Tulip takeover of Easey Holdings approved by CMA

By James Ridler contact

- Last updated on GMT

Tulip’s purchase of Easey Holdings has been approved by the CMA
Tulip’s purchase of Easey Holdings has been approved by the CMA

Related tags: Livestock, Meat, Tulip

Meat firm Tulip’s acquisition of pig producer Easey Holdings has been approved by the Competition & Markets Authority (CMA).

Tulip sought approval from the CMA after announcing its purchase of Easey Holdings in September of this year. The sale included Easey’s four key businesses, breeding herds, growing herds, a veterinary practice and a livestock transport business.

Tulip said the acquisition represented an investment in British farming and inward commitment to the UK by its parent company Danish Crown. It also reinforced the organisation’s commitment to global farming, it claimed.

‘Inward investment into the UK’

Andrew Saunders, agriculture director at Tulip’s farming division, Tulip Agriculture, said: “This is great news for Tulip, for Easey Holdings, for our customers and our consumers. Tulip is a true champion of the UK pig farming industry while Danish Crown remains absolutely committed to continued inward investment into the UK.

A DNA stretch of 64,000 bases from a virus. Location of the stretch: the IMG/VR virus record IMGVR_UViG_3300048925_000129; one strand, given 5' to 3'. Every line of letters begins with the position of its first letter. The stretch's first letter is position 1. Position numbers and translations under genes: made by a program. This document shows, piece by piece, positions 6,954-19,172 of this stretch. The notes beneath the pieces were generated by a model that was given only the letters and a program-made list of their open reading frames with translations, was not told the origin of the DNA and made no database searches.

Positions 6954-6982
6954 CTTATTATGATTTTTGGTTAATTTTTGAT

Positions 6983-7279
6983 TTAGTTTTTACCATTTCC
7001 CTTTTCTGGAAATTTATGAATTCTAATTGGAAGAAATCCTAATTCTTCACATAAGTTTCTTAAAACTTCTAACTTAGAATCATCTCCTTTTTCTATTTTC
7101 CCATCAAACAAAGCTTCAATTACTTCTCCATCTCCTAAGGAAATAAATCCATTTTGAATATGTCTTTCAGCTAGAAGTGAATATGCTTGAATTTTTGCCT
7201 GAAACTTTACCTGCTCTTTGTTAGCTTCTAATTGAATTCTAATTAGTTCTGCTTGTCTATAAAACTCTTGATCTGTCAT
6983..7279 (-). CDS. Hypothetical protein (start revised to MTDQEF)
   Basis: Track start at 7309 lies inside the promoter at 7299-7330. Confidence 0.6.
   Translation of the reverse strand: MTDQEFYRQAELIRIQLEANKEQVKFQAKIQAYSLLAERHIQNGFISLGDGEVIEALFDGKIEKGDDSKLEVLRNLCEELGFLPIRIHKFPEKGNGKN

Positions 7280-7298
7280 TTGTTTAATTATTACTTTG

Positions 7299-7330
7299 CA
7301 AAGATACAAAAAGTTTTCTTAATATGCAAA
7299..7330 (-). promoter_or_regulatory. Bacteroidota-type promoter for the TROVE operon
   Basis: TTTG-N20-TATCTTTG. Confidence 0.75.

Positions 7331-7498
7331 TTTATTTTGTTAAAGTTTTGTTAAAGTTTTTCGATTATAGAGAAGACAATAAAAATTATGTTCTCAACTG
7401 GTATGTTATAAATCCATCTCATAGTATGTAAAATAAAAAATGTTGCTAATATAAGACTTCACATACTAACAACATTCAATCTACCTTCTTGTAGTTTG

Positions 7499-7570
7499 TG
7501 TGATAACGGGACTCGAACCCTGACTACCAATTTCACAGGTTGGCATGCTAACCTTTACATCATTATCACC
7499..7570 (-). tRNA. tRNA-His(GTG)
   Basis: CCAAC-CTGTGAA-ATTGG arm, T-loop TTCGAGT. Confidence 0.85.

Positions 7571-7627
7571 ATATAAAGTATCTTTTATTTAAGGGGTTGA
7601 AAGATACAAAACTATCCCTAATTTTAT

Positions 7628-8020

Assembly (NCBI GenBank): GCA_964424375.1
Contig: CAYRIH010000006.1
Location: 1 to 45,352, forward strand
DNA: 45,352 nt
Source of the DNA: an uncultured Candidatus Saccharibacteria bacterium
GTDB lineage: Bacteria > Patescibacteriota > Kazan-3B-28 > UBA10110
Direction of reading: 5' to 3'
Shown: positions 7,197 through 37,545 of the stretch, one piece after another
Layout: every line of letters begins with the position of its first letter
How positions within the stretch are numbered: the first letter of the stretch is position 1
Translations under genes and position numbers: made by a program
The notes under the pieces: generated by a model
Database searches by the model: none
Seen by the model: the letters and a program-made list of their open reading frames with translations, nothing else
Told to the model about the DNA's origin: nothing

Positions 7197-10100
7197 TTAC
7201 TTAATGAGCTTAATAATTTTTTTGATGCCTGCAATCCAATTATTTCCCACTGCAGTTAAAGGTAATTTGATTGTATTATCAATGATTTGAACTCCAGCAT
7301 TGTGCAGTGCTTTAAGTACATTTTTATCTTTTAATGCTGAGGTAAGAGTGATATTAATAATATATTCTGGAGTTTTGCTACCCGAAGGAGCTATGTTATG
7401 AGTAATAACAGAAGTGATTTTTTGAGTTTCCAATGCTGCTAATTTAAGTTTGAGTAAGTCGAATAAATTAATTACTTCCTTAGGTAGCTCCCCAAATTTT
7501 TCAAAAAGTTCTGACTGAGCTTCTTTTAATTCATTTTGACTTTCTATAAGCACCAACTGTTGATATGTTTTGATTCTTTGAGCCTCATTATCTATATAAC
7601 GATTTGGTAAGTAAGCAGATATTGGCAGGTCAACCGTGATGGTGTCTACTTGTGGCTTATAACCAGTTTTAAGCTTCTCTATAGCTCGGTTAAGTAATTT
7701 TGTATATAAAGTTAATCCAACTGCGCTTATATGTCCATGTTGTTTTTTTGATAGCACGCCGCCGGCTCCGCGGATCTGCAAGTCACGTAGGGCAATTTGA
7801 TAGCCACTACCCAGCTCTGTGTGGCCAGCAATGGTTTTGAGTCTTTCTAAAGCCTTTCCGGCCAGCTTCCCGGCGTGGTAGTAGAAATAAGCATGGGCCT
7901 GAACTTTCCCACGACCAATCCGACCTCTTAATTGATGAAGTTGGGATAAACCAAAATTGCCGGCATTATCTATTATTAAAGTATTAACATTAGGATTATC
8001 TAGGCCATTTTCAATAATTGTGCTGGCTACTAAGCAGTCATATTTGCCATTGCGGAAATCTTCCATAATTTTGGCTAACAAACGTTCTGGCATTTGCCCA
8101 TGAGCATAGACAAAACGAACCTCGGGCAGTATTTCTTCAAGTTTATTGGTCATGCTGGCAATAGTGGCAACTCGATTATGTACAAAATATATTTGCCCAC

“Tulip Agriculture will be working closely with the Easey management team, staff, farmers, suppliers and customers to ensure the continued successful operation of the Easey farming network as part of the Tulip group.”

The acquisition of Easey was part of Tulip’s plan to “Brexit-proof” ​​the company, according to owner Danish Crown.

‘Brexit-proof’

Easey Holdings will continue to operate independently, and all workers will continue their roles at the pig producer, Tulip confirmed. All outstanding customer and supplier contracts and commitments would be honoured, it added.

The deal came after Tulip’s chief executive, Steve Francis, exclusively told FoodManufacture.co.uk ​​it would invest “up to £70M”​​ in acquisitions, equipment and product innovation next year.

Last year, Francis announced a new restructuring plan that saw the business split into four divisions: Tulip Fresh, Tulip Added Value, Tulip Agriculture and Dalehead Foods.

The Tulip chief executive also told Food Manufacture ​the company had been forced to transport workers from across the country to make up for a shortage of available labour.

Meanwhile, in June, Francis and Danish Crown chief executive Jais Valeur explained how they planned to return the business to the number-one spot in our exclusive interview.

Related topics: Meat, poultry & seafood

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